Next Score View the next score

    exclusive saturday preview | G Force

    ImprovBoston spoofs the ‘Twilight’ craze

    Conor Doherty

    WHO: Joseph Creedon of ImprovBoston

    WHAT: It was just a matter of time before the improv troupes took a crack at spoofing Stephenie Meyer’s ubiquitous ‘‘Twilight’’ saga vampire novels and the movies they’ve spun off. ImprovBoston hopes to take a comedic bite out of the melodramatic tale of Edward, Bella, and Jacob with ‘‘My Dark Love: An Improvised Teen Gothic Romance,’’ complete with audience participation and, just maybe, Ewoks. We chatted with director-creator Creedon about the story behind the satire.

    WHERE: Fridays at 10 p.m. through Feb. 17 at ImprovBoston, 40 Prospect St., Cambridge. Tickets are $16, $12 with student ID. Information: 617-576-1253, 


    Q. First of all, Team Edward or Team Jacob?

    Get The Weekender in your inbox:
    The Globe's top picks for what to see and do each weekend, in Boston and beyond.
    Thank you for signing up! Sign up for more newsletters here

    A. Team neither [laughs].

    Q. Uh-oh, are you actually qualified to be directing this project then?

    A. That makes me completely the right person to do this project. I can remain neutral. Team Renesmee if I had to pick a team.

    Q. Whose idea was this originally?


    A. Mine. My girlfriend and I like to watch bad movies together, and one day about a year ago she suggested “Twilight,’’ and it’s a horrible movie. And then I kept on thinking about it and thinking about it. It just wouldn’t let me go - why that movie was making me so angry other than ridiculous things like vampires playing baseball and that they sparkle and all that. So we ended up renting the rest of the movies and watching the whole series, and then I ended up reading the books. At the end of the day, the whole thing boils down to Bella just wants a boyfriend. There’s great children’s literature out there where there’s romance stories. But, I guess the problem is that [Bella] doesn’t have any other defining characteristic. She’s not a painter or a singer or an accountant or anything. Everything that defines her she gets through a man, and then at the end through a baby, and this traditional gender role really ticks me off.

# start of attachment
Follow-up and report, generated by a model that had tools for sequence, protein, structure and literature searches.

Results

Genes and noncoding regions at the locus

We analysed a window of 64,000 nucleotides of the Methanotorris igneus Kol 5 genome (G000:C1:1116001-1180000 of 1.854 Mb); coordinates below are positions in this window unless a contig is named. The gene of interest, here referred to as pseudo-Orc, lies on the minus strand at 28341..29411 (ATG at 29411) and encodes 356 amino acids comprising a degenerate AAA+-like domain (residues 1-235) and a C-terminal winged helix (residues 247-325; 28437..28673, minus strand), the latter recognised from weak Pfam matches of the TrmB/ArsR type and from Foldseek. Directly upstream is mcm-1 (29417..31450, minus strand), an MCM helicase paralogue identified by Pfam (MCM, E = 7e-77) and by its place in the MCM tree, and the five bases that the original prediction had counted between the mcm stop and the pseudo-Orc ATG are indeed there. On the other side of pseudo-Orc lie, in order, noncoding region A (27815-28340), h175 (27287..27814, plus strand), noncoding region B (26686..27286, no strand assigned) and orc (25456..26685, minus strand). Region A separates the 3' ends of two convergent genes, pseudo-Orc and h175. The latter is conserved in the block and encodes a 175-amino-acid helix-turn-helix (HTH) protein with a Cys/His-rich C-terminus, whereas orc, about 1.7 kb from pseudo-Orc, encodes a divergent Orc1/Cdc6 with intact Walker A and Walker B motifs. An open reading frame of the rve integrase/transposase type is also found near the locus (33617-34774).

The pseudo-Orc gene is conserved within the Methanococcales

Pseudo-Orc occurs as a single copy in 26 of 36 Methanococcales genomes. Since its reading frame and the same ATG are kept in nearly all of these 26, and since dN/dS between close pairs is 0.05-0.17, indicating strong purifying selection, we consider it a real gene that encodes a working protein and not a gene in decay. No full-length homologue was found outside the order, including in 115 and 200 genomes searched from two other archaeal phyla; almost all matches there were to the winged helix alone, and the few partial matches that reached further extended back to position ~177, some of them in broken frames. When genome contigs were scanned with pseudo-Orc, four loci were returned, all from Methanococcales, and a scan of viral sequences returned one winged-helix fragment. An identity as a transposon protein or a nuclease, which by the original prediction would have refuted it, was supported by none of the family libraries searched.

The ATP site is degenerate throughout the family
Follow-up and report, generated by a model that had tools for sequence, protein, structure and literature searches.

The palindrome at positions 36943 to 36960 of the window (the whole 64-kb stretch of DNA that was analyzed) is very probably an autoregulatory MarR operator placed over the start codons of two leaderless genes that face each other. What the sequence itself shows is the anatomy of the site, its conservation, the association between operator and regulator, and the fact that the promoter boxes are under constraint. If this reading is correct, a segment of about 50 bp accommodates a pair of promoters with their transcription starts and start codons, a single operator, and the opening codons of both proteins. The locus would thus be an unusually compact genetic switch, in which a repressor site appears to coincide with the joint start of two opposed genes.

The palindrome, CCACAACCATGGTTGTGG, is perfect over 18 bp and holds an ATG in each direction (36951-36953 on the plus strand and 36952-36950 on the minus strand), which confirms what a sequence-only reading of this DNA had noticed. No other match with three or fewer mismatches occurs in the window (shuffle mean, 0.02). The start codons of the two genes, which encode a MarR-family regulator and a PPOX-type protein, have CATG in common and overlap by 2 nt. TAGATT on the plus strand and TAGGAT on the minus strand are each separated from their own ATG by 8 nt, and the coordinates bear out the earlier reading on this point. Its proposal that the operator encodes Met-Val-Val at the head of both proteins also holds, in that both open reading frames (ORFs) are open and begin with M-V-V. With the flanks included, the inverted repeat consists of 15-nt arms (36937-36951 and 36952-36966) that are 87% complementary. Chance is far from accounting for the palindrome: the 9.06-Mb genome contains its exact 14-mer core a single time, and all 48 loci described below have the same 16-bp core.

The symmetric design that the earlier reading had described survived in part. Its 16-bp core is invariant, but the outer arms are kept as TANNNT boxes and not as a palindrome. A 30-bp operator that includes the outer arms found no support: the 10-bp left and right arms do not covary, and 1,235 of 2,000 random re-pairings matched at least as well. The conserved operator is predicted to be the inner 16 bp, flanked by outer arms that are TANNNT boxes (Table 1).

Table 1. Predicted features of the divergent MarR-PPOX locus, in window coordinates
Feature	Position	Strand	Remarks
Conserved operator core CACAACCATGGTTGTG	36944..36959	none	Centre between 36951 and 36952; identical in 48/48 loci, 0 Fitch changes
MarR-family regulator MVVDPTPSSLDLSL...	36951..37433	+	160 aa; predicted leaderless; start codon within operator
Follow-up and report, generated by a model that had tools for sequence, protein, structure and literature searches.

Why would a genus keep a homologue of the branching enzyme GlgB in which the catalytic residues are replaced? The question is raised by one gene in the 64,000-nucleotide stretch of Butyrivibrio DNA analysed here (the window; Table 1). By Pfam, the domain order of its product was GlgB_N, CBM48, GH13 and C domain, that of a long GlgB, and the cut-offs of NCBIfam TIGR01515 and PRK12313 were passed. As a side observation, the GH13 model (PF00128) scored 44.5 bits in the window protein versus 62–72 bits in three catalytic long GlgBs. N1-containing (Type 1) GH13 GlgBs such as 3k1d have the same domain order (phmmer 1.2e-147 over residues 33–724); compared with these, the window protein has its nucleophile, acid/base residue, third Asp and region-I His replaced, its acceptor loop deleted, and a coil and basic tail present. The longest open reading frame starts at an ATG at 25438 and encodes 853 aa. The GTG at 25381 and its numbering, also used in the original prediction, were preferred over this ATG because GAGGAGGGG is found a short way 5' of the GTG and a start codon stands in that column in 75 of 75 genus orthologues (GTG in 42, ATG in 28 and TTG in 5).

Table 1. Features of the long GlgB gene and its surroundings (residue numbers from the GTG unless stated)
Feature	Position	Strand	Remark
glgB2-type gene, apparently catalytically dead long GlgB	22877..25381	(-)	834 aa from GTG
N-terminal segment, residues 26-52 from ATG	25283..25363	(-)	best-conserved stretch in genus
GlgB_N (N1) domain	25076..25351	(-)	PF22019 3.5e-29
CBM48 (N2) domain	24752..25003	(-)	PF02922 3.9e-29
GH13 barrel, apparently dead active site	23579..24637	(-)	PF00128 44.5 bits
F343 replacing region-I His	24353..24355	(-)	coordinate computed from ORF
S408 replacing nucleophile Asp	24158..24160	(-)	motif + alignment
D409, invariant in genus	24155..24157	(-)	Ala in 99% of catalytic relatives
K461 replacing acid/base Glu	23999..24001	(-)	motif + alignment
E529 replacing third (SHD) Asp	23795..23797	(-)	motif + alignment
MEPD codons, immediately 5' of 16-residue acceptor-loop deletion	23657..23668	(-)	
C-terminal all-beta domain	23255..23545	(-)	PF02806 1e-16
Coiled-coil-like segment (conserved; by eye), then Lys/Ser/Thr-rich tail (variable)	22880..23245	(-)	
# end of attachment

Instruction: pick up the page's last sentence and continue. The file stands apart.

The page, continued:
Q. Was everyone in the cast forced to read the books and see the movies to prepare?

    A. Absolutely. They all say they did [laughs].

    Q. Was anyone secretly a fan? Did rehearsals bog down in Jacob vs. Edward shouting matches?

    A. No. There were a lot of people in the cast who were fans, but everybody is a comedian, so everybody kind of likes things ironically. There are no genuine “Twilight’’ fans in the cast.


    Q. Do you worry saying something like that will turn off actual “Twilight’’ fans from seeing the show?

    ‘Those who want to make fun of “Twilight’’ are who the show is designed for. If . . . you can’t find humor in it, then this is absolutely the wrong place for you to go.’

    A. I don’t care. All I’m trying to do is fill 100 seats. I’m not trying to get the entire world there. Those who want to make fun of “Twilight’’ are who the show is designed for. If “Twilight’’ is really your thing, if you can’t find humor in it, then this is absolutely the wrong place for you to go.

    Q. So do you have a skeletal script or is it all improvised?

    A. Basically, the way that we keep it improvised is Jacob and Edward are a new monster every week. We’ve got a wheel with different monsters on it like a Frankenstein or Ewoks. We have somebody in the audience come up and spin the wheel, and there’s a lot of new jokes that come out of that, and we don’t know what’s going to happen.

    Q. Do you change the monster options every week?

    A. Yes. We’ve got cavemen, we’ve got mermen, we’ve got pirates.

    Q. What’s the biggest challenge in spoofing something like this, where some people feel it’s already sort of unintentionally comic?

    A. The biggest challenge is actually being as weird and awful as the source material.

    Q. Are you up to the task?

    A. I definitely feel like we’re up to the task. If we can ever top giving a woman an orally administered caesarean section, then I think we can do it. Or at least we’re trying, and we’ve got seven weeks to do it.

    Interview was edited and condensed. Sarah Rodman can be reached at